Dec. 16 (UPI) -- NASA wants to explore Europa's ocean, but the Jovian moon's underwater world is protected by a thick layer of ice. To pierce through the icy crust, one group of scientists wants to use a nuclear-powered "tunnelbot."
Europa's subsurface ocean is one of the top targets in the search for alien life. Researchers think the ocean boasts the ingredients necessary to support microbial communities. But the only way to know for sure is to go there.
But even if NASA can safely deliver a probe to the surface of Jupiter's icy moon, they'd need a spacecraft capable of burrowing through miles of ice.
As part of a concept study, scientists and engineers with NASA's Glenn Research COMPASS team dreamed up a solution to the problem. They presented their idea at a recent American Geophysical Union meeting.
"We didn't worry about how our tunnelbot would make it to Europa or get deployed into the ice," Andrew Dombard, associate professor of earth and environmental sciences at the University of Illinois at Chicago, said in a news release. "We just assumed it could get there and we focused on how it would work during descent to the ocean."
Researchers conceived two versions of the probe, one powered by a small nuclear reactor and another fueled by General Purpose Heat Source bricks, radioactive heat source modules tailored for space missions. Heat from both energy sources would assist in melting the ice.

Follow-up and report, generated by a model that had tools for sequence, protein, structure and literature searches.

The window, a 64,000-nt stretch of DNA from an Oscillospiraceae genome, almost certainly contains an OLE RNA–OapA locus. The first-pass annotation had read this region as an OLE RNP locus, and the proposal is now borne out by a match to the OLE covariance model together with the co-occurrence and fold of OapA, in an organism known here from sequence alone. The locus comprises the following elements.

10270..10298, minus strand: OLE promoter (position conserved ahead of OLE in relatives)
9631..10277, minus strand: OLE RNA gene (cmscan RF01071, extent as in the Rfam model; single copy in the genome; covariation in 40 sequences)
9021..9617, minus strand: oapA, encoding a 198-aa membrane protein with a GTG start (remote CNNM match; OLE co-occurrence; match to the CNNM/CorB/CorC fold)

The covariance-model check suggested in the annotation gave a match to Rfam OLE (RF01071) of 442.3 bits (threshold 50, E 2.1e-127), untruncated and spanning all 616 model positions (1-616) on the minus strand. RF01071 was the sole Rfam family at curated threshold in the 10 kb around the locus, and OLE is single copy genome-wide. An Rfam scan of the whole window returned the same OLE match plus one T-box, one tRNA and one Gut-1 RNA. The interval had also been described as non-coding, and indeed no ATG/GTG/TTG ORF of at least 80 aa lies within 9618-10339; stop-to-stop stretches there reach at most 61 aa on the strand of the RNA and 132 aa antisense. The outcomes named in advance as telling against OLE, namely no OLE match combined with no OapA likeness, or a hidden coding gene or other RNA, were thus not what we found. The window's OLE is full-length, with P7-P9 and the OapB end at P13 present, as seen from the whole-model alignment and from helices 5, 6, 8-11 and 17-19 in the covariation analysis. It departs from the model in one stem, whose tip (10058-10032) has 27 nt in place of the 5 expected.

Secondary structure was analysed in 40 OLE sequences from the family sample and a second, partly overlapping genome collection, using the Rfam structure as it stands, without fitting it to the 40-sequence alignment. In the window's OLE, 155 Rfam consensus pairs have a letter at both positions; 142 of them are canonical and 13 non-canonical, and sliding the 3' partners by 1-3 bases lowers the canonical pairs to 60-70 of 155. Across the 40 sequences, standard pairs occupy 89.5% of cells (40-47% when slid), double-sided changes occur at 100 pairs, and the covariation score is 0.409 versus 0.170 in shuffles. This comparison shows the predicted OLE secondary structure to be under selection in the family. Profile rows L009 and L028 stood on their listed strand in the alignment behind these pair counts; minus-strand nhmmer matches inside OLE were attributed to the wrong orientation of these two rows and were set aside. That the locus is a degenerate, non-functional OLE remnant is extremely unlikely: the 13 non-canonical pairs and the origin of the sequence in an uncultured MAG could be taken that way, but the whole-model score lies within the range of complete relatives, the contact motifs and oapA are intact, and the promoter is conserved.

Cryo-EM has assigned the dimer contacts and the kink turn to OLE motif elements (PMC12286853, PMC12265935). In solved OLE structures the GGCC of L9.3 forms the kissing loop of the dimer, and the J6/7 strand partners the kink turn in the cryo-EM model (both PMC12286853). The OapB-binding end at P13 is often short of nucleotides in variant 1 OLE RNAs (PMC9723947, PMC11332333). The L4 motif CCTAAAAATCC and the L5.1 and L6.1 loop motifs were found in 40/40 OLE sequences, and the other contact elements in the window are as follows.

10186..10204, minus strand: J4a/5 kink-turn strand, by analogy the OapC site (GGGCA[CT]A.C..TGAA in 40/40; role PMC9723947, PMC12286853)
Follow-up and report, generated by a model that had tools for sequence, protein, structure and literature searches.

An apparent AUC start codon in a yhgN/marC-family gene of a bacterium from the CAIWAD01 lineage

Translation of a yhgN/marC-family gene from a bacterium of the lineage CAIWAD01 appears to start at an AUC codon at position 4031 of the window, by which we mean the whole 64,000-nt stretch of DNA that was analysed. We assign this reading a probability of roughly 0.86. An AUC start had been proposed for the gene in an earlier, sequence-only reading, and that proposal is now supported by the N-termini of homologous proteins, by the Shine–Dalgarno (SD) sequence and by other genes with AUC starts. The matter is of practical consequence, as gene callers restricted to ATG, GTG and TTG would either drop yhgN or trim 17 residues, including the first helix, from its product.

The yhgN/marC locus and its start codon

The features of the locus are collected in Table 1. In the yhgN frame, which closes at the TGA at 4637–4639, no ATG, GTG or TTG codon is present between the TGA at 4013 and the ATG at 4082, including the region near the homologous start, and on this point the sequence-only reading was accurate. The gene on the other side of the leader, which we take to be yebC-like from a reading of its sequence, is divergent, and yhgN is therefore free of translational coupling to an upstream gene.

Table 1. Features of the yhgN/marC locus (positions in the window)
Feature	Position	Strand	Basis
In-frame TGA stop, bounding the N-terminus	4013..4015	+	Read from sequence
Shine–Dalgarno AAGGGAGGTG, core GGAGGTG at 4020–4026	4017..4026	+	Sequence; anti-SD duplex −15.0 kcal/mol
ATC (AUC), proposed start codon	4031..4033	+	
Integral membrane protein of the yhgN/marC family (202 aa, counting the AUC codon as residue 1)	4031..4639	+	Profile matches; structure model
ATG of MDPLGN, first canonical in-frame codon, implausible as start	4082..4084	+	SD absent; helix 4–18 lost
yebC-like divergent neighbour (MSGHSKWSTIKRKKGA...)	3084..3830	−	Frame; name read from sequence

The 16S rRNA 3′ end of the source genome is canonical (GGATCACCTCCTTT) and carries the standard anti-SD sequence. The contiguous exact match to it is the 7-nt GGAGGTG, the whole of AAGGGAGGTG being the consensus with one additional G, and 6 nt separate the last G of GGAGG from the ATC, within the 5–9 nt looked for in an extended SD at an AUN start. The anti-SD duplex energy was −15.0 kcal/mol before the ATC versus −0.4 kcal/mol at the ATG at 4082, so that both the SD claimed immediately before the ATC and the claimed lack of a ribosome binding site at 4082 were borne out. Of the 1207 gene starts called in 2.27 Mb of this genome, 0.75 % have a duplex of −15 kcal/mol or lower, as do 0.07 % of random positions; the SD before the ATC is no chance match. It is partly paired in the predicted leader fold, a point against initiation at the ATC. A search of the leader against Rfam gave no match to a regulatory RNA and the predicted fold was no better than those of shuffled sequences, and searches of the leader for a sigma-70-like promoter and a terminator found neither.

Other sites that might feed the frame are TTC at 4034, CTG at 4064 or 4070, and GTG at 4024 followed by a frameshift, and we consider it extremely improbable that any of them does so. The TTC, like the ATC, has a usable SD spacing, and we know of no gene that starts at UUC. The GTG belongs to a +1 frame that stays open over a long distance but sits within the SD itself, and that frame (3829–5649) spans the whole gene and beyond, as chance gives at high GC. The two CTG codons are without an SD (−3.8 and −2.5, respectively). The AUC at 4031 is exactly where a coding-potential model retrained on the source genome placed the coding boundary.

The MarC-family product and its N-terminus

The probe developed by Dombard and his colleagues would be able to tunnel through Europa's ice -- which has a thickness ranging from 1.2 to 18.6 miles -- and carry instruments designed to test the subsurface ocean for evidence of microbial life. Along the way, the tunnelbot could sample and study the ice itself, as well as lakes found within the icy layers. Fiber optic cables would allow the probe to communicate with crafts on the surface.
NASA may not need to wait for a tunnel bot to test Europa's ocean water. Observations by NASA's Cassini spacecraft and the Hubble Space Telescope suggest ocean spray is routinely ejected high into space from fissures in Europa's icy shell. The next visitor to the Jovian moon could sample the ocean spray during a series of flybys.